Friday, March 21, 2008
King James or King Kong?
There has been some intense discussion about the recent cover photo of VOGUE magazine and the depiction of basketball-star LeBron James (left) with super model, Gisele Bündchen.
The comparison to the beast, King Kong, appears more than evident here.
In a recent study appearing the the Journal of Personality and Social Psychology, they engage this issue at length. The findings of the researchers was that "historical representations explicitly depicting blacks as apelike have largely disappeared, in the United States, yet a mental association between Blacks and apes remains." The researchers go on further to argue that in criminal cases particularly dealing with capital crimes are "more likely to contain ape-relevant language than news articles written about White convicts. Moreover," they continue, "those who are implicitly portrayed as more apelike in these articles are more likely to be executed by the state than those who are not."
So the question is does this picture of LeBron depict him as an apelike being holding the chaste embodiment of white womanhood in his arms like a sex raged brute found in D.W. Griffith's Birth of a Nation (1915)? Or maybe the response to the photograph is just an example of folks being a bit too culturally and racially sensitive? Either way, LeBron needs to get some real advice about the photographs he takes. Compare LeBron as "Kong" to this shot of LeBron as a "man":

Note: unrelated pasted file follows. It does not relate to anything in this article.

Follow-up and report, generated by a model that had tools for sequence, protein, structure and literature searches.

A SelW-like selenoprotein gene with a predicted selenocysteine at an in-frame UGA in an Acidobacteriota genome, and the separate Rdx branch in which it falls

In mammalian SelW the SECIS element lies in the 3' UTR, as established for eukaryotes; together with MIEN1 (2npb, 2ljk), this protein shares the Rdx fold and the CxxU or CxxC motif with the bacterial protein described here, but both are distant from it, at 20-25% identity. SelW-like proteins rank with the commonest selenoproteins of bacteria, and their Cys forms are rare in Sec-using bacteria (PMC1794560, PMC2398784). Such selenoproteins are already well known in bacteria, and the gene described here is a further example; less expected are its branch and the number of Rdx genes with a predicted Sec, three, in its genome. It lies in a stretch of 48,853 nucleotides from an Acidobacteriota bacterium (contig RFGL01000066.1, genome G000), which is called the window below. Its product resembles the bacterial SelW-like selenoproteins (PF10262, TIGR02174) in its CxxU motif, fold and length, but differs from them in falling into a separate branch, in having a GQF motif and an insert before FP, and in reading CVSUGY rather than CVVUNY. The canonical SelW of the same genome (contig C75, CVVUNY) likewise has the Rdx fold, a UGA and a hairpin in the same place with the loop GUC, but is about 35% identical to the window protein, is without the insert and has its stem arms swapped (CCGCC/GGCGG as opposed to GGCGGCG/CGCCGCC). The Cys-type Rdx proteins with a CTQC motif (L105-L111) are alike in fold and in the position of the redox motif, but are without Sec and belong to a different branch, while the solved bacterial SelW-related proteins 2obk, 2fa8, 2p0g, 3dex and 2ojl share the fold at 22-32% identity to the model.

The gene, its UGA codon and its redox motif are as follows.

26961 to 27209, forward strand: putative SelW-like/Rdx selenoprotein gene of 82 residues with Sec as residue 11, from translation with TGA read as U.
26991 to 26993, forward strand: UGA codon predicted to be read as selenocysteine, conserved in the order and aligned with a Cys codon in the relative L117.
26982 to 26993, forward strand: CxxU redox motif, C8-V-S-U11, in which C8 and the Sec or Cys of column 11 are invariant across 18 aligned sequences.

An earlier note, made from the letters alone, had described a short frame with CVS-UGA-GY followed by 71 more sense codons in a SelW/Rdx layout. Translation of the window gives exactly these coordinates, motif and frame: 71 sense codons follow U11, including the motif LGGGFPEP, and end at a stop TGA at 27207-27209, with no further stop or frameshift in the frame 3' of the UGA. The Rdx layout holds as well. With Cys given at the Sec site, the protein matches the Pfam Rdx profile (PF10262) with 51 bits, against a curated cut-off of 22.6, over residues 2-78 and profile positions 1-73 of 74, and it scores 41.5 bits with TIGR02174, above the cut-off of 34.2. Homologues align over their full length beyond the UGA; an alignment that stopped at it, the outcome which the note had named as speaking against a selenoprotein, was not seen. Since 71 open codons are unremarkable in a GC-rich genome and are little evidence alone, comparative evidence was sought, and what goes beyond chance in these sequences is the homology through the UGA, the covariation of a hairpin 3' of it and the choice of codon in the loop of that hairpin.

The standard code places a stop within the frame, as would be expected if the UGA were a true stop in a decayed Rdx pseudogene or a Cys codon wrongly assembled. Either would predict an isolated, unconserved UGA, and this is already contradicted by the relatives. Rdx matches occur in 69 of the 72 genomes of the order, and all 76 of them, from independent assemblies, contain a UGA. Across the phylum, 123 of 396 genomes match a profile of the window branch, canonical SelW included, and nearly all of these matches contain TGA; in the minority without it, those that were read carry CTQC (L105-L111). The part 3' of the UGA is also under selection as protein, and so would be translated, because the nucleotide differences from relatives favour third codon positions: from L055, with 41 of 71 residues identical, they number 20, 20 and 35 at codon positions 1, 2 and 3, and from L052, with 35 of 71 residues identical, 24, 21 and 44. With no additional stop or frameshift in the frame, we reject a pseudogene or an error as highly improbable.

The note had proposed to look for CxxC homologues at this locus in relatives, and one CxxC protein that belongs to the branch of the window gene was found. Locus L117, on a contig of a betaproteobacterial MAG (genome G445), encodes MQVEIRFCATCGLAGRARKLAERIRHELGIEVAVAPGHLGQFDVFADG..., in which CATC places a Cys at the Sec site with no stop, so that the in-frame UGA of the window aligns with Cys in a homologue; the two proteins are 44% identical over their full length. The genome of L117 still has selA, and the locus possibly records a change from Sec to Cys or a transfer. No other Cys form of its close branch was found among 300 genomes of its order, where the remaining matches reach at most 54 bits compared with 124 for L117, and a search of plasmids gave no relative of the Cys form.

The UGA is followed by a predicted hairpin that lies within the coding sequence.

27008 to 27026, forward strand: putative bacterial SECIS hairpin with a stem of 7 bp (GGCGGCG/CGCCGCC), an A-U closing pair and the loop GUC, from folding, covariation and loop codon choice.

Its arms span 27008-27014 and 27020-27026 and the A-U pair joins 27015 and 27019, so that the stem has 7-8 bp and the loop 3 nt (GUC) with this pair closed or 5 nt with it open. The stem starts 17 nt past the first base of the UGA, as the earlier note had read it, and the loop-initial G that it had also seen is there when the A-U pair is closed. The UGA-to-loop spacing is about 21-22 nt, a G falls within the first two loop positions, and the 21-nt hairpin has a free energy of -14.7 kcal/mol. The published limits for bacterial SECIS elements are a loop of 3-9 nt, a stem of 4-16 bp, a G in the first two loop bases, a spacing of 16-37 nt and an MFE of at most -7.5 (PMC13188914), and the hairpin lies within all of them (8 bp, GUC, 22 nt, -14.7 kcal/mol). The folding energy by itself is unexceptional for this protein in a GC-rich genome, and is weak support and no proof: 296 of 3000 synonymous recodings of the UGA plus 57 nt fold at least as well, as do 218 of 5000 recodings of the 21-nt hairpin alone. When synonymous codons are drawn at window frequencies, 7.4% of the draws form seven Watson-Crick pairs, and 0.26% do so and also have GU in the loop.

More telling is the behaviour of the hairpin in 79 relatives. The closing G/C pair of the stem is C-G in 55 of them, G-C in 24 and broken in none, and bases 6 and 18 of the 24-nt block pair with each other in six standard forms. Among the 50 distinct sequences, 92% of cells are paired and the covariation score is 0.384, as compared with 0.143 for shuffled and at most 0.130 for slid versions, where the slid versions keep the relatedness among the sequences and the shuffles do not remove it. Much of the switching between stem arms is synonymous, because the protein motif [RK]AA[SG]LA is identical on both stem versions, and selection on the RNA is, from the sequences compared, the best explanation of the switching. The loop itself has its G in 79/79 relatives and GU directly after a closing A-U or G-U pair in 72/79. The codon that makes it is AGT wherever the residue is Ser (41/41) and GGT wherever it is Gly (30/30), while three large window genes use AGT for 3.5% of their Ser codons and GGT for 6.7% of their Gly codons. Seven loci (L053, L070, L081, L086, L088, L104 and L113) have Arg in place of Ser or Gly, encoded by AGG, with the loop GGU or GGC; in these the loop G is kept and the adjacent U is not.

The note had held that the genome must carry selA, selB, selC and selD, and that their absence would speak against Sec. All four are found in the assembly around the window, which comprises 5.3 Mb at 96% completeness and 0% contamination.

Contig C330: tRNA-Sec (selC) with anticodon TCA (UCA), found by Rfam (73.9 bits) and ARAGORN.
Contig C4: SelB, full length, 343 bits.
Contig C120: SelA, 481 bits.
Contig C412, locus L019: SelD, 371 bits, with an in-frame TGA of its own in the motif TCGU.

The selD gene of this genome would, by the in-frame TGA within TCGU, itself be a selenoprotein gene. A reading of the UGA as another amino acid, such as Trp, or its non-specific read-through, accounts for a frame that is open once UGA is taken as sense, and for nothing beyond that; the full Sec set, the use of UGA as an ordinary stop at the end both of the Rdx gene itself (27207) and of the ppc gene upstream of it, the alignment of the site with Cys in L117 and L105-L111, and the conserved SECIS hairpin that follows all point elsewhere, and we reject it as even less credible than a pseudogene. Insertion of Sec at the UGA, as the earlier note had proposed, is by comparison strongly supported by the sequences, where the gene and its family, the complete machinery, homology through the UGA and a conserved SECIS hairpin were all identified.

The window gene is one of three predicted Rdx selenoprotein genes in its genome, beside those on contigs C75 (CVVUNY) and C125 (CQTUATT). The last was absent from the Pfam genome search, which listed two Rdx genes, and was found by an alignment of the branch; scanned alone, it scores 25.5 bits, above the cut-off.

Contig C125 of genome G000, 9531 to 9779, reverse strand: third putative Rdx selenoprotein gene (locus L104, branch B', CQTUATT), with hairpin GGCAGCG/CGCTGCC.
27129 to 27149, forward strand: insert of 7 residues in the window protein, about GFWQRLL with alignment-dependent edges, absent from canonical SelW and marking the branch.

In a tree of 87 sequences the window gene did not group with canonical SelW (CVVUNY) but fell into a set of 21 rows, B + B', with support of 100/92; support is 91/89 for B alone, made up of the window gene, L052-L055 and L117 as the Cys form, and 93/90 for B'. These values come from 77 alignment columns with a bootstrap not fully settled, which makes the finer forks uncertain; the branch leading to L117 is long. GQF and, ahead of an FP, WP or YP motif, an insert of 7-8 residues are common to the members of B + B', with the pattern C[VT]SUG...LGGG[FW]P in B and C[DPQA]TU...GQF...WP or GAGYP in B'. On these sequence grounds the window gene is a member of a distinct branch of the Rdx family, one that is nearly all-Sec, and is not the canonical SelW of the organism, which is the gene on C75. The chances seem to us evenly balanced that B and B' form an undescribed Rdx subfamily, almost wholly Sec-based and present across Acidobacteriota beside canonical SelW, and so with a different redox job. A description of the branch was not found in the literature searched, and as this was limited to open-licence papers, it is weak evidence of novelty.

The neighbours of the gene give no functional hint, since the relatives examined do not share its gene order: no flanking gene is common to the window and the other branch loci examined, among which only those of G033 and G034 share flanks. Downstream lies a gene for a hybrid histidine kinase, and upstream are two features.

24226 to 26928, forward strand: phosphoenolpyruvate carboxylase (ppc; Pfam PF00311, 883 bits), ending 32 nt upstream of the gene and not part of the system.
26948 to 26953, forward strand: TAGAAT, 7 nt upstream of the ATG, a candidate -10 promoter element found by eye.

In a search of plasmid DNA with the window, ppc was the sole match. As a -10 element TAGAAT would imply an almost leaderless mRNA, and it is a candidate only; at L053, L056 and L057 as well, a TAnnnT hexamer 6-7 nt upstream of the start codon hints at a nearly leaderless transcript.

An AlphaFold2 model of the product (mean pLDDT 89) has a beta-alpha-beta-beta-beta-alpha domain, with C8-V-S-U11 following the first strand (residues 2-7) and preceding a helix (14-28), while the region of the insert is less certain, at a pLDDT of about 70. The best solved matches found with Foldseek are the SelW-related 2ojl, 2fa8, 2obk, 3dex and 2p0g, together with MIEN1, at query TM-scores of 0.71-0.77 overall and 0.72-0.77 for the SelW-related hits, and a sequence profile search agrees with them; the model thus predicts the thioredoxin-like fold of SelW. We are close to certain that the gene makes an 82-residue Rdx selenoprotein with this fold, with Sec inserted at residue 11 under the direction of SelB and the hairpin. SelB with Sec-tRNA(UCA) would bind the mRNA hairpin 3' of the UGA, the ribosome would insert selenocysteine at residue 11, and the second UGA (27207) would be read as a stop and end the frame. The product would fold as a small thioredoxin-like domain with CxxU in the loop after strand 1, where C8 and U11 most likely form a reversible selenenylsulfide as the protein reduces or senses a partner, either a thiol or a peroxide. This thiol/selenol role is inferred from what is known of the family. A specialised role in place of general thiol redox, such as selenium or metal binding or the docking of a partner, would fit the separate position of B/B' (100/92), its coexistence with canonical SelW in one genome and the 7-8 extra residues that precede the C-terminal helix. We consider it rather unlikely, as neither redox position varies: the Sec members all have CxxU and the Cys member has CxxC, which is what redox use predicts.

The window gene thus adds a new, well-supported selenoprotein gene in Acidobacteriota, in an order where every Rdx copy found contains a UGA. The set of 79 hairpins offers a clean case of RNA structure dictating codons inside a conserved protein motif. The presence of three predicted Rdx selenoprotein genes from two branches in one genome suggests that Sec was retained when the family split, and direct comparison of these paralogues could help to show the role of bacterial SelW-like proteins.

Now why couldn't they use a picture like this one? To my knowledge LeBron might be the only black man ever to grace the cover of the well-known fashion magazine. Additionally he is third man to appear on the cover of the 116-year old fashion magazine. Actors Richard Gere and George Clooney have preceded James. In world driven by subtle and not so subtle racial stereotypes why couldn't he wear a suit or sport coat and give a more gentlemanly demeanor than what has been photographed? Maybe I'm being sensitive too? Then again, maybe not.
Posted by negrointellectual at 1:53 PM